In speech read on her behalf by her deputy, Anna Nghipondoka, education minister Katrina Hanse-Himarwa, told Oshana regional education managers, supervisors and other role players at Ongwediva on Tuesday that there was a lack of action when it comes to prolonged sick leave.
Hanse-Himarwa also highlighted administrative shortcomings that were discovered during the payroll verification exercise that was conducted by the ministry and said the compilation of the investigation reports have been completed.
According to her, investigations discovered there is a lack of action from all role players including the heads of schools, education inspectors and human resources when it comes to staff members who are on prolonged sick leave.
“We have noticed cases of staff members who are on sick leave as far back as 2016 but are still receiving a full salary.”
Hanse-Himarwa said in some instances cases are reported through available channels for action to be taken, but that no action had been forthcoming.
In other instances cases are never reported by the principal or school management.
“Such tendencies are uncalled for and they negatively impact on the teaching and learning process and ultimately the biggest losers in this situation are the learners. On the same score the handling and recording of all types of leaves really require better control.”
The investigations further uncovered damning evidence regarding the embezzlement of state funds by some staff members of the ministry in three regions.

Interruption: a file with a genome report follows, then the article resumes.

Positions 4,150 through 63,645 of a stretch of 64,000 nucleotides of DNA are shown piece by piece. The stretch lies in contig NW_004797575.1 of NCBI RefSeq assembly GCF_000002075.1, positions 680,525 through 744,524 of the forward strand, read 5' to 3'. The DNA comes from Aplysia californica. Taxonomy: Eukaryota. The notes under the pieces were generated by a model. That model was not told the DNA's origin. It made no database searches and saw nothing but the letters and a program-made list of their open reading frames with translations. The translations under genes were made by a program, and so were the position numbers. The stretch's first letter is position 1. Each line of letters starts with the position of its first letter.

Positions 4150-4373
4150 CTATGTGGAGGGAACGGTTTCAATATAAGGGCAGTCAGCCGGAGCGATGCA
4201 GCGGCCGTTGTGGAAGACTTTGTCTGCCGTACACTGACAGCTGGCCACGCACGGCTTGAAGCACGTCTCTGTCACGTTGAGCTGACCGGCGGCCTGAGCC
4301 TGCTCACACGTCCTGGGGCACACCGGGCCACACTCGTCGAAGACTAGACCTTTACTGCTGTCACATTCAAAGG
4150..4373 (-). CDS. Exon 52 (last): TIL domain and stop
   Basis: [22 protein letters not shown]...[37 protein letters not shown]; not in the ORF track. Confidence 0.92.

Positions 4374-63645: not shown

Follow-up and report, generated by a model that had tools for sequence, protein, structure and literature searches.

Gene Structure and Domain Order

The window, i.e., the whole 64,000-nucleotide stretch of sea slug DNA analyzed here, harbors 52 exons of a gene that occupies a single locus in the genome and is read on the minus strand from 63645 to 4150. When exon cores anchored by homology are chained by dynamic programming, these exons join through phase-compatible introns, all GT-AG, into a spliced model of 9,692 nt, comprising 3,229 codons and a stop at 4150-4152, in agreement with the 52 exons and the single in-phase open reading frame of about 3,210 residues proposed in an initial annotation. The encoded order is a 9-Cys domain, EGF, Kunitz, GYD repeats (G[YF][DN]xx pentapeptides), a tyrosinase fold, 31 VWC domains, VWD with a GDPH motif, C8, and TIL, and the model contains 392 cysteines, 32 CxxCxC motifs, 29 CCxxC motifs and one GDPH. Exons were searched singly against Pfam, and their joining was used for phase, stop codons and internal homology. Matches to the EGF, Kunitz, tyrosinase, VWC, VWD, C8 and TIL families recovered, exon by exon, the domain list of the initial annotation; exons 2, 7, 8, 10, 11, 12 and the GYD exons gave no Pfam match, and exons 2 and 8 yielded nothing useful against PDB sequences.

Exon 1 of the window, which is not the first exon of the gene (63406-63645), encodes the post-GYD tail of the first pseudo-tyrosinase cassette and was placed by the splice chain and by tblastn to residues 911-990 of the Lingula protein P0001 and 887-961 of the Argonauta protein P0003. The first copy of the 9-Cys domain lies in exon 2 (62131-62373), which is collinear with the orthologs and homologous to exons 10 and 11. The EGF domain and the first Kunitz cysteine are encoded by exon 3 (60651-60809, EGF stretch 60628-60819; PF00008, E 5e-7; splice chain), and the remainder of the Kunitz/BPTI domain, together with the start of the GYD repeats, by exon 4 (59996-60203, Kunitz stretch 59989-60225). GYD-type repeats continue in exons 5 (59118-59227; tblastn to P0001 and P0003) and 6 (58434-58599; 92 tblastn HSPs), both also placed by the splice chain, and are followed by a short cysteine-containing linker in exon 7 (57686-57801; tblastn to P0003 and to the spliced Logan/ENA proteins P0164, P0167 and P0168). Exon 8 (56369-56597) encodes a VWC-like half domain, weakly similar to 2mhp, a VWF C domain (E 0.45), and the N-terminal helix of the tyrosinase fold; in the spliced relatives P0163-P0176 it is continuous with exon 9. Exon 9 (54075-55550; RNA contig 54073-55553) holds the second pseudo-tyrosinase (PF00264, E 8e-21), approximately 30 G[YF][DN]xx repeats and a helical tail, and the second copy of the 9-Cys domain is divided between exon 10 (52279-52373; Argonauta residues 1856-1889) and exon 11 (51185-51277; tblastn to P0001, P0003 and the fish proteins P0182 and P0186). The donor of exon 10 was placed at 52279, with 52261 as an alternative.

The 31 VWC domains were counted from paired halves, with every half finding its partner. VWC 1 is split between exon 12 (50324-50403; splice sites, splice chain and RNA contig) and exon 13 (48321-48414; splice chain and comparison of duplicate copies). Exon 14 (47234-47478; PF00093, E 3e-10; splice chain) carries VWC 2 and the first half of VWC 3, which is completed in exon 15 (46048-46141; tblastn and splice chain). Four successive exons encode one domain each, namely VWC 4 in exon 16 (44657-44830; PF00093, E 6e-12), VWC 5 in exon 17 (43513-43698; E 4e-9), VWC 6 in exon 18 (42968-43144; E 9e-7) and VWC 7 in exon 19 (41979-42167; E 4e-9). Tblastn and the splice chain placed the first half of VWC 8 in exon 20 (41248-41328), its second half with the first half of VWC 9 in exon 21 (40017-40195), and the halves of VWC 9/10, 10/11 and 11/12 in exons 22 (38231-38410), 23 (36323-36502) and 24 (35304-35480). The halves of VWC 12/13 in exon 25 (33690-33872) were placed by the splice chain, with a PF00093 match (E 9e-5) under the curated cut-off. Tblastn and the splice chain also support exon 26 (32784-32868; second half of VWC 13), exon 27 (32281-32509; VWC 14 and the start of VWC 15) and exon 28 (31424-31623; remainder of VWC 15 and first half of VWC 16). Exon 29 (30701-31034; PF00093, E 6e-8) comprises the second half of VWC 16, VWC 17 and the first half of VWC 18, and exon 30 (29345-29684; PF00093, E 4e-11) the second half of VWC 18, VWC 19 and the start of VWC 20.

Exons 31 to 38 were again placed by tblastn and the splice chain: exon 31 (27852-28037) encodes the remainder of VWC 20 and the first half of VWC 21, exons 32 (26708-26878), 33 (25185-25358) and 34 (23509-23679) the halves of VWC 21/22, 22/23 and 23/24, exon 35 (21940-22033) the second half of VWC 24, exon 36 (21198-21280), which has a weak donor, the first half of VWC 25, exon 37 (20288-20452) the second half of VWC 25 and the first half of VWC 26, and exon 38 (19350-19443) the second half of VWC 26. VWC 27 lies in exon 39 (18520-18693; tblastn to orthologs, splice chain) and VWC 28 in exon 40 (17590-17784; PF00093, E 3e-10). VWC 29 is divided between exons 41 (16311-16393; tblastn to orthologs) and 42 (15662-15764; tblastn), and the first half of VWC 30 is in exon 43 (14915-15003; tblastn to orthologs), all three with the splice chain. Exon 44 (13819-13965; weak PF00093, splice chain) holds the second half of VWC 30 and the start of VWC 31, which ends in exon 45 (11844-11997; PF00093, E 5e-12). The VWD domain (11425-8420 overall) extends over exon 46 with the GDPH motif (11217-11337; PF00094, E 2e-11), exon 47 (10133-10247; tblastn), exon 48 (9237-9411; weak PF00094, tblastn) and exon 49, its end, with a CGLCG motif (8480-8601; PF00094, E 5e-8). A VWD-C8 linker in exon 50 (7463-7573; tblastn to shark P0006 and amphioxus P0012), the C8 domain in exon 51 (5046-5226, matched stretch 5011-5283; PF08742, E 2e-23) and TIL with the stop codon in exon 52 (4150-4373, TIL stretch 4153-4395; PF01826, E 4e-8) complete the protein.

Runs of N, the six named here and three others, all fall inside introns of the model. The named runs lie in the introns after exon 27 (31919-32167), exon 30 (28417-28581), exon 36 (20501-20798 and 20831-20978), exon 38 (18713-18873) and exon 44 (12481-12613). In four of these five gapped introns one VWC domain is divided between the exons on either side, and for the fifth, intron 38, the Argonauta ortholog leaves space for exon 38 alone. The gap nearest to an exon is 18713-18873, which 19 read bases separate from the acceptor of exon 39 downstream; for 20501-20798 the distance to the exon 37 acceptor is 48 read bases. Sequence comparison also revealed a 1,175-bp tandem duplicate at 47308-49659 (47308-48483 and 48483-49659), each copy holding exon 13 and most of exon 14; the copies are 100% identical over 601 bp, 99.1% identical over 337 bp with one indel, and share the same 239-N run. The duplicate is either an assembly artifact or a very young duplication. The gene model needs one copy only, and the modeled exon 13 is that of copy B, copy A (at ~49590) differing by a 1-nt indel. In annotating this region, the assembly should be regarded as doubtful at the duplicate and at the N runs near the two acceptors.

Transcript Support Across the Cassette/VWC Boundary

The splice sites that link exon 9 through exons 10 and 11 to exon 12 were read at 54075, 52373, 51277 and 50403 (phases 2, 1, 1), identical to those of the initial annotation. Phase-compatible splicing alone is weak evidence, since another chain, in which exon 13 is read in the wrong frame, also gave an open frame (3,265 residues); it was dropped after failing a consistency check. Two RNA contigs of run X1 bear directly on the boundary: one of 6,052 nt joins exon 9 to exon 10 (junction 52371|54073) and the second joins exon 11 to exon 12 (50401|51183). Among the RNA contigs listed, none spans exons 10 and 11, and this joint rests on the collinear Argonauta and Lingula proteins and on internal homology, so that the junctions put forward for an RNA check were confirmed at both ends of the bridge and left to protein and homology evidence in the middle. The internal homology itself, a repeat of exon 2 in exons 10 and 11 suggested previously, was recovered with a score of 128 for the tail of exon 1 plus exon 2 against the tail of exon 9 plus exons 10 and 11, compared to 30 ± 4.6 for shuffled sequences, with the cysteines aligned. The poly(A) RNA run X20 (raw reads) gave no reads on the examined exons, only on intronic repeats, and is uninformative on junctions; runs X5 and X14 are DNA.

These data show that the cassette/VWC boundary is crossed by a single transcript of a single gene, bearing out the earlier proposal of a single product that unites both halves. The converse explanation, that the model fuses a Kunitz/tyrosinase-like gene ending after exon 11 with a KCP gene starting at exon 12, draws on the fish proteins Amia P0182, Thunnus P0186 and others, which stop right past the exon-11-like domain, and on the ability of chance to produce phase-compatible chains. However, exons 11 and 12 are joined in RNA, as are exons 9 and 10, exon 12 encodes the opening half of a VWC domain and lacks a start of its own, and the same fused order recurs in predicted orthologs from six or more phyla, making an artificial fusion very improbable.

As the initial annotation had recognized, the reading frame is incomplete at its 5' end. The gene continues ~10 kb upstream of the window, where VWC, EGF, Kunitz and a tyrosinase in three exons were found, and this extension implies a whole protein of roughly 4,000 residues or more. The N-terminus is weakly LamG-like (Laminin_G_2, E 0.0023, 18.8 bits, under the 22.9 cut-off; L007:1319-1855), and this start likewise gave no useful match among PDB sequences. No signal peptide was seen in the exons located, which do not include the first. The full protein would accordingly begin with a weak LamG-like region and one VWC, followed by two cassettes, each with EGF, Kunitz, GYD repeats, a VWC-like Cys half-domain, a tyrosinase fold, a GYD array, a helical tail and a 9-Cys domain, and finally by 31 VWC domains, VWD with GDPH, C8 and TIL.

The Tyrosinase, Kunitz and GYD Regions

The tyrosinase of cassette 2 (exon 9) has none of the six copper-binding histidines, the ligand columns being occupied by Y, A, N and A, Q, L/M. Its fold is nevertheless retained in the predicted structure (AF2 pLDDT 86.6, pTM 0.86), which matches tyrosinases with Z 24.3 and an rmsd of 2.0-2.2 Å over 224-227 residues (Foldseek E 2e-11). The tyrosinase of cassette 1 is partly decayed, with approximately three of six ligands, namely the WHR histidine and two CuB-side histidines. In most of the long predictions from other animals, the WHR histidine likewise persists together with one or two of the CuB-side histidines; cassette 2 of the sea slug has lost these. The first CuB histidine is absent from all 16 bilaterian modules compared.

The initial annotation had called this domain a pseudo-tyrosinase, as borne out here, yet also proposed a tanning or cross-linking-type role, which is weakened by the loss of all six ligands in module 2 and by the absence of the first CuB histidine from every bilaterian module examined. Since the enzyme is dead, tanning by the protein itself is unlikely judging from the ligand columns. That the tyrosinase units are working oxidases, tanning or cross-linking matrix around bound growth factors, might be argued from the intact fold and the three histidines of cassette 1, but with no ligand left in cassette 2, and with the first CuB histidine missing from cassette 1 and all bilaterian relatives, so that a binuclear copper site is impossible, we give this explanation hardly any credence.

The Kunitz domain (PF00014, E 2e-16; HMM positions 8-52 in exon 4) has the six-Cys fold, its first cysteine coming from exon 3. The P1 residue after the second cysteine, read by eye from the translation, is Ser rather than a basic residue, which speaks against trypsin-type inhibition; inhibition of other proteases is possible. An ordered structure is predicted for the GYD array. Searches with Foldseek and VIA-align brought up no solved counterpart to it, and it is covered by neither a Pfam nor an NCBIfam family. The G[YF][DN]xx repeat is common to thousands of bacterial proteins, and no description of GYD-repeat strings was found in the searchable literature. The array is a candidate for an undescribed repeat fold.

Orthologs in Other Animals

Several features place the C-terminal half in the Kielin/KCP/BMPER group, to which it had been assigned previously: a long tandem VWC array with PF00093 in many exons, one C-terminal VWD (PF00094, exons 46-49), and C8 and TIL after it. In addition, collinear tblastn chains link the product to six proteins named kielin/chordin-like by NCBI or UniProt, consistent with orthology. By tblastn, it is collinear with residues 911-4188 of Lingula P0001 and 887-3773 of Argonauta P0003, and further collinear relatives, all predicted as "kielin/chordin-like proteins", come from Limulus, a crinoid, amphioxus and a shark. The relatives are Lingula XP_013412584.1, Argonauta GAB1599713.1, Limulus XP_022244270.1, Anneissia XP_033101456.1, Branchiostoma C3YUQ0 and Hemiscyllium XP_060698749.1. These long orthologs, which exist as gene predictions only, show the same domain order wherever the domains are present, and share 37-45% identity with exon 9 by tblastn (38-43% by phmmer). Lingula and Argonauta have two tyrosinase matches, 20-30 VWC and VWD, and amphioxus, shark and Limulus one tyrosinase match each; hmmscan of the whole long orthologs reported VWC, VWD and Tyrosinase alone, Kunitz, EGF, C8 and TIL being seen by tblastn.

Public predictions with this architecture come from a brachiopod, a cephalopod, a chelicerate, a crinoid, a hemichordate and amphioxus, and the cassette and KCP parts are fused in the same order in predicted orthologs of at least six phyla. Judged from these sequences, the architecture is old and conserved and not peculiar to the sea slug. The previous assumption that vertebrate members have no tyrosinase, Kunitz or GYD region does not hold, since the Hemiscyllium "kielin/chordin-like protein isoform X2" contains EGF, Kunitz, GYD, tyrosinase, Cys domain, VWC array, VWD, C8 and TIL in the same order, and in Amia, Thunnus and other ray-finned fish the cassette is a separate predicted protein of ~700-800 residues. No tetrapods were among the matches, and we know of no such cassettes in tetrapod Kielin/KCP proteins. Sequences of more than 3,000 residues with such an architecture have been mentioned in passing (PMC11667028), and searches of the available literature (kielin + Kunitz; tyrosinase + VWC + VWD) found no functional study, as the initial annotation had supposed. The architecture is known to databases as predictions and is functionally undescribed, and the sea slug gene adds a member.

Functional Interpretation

“I want to inform you that we have instituted the relevant disciplinary measures against such staff members and at the same time opened criminal cases against the alleged offenders.”
Hanse-Himarwa cautioned staff to be vigilant and to report any suspicious actions.
According to her the financial management department with the assistance of the office of the director must implement pay sheet control as a matter of urgency.
“The office of the director must compel all school principals to return all pay sheets for the purpose of pay sheet control to be implemented and the director must be provided with a monthly pay sheet control report. In that way, we will be able to eliminate dubious salary payments in the ministry.”
Hanse-Himarwa said equally education inspectors and senior education officers should intensify and coordinate school visits across the entire region.
“While this might have a huge financial burden at a time that we want to cut costs, the regional management committee must formulate a practical and efficient plan that will culminate in the realisation of programme quality assurance services members visiting school more intensely.”
She said the ministry should also strengthen supervision in all the schools in order to ensure that constructive teaching and learning takes place.
The minister further implored education inspectors and the professional development subdivision to redouble efforts in ensuring that activities in schools, especially the national standards and performance indicators, are properly monitored and that real and actual teaching takes place.
According to police spokesperson Deputy Commissioner Edwin Kanguatjivi, the police are alleged to have fired at a vehicle travelling from Outapi heading towards Oshikuku with three occupants. A man in his 30s died instantly while the driver, Nambonga Policatus, 33, sustained a leg injury. The owner of the vehicle escaped unhurt.
Kanguatjivi told Namibian Sun the police were conducting an operation that fateful evening, targeting vehicles suspected to have been involved in crime in the region.
Policatus who was driving a Toyota Corolla at the time of the incident told Namibian Sun from his recovery bed that bullets were flying “all over the place”.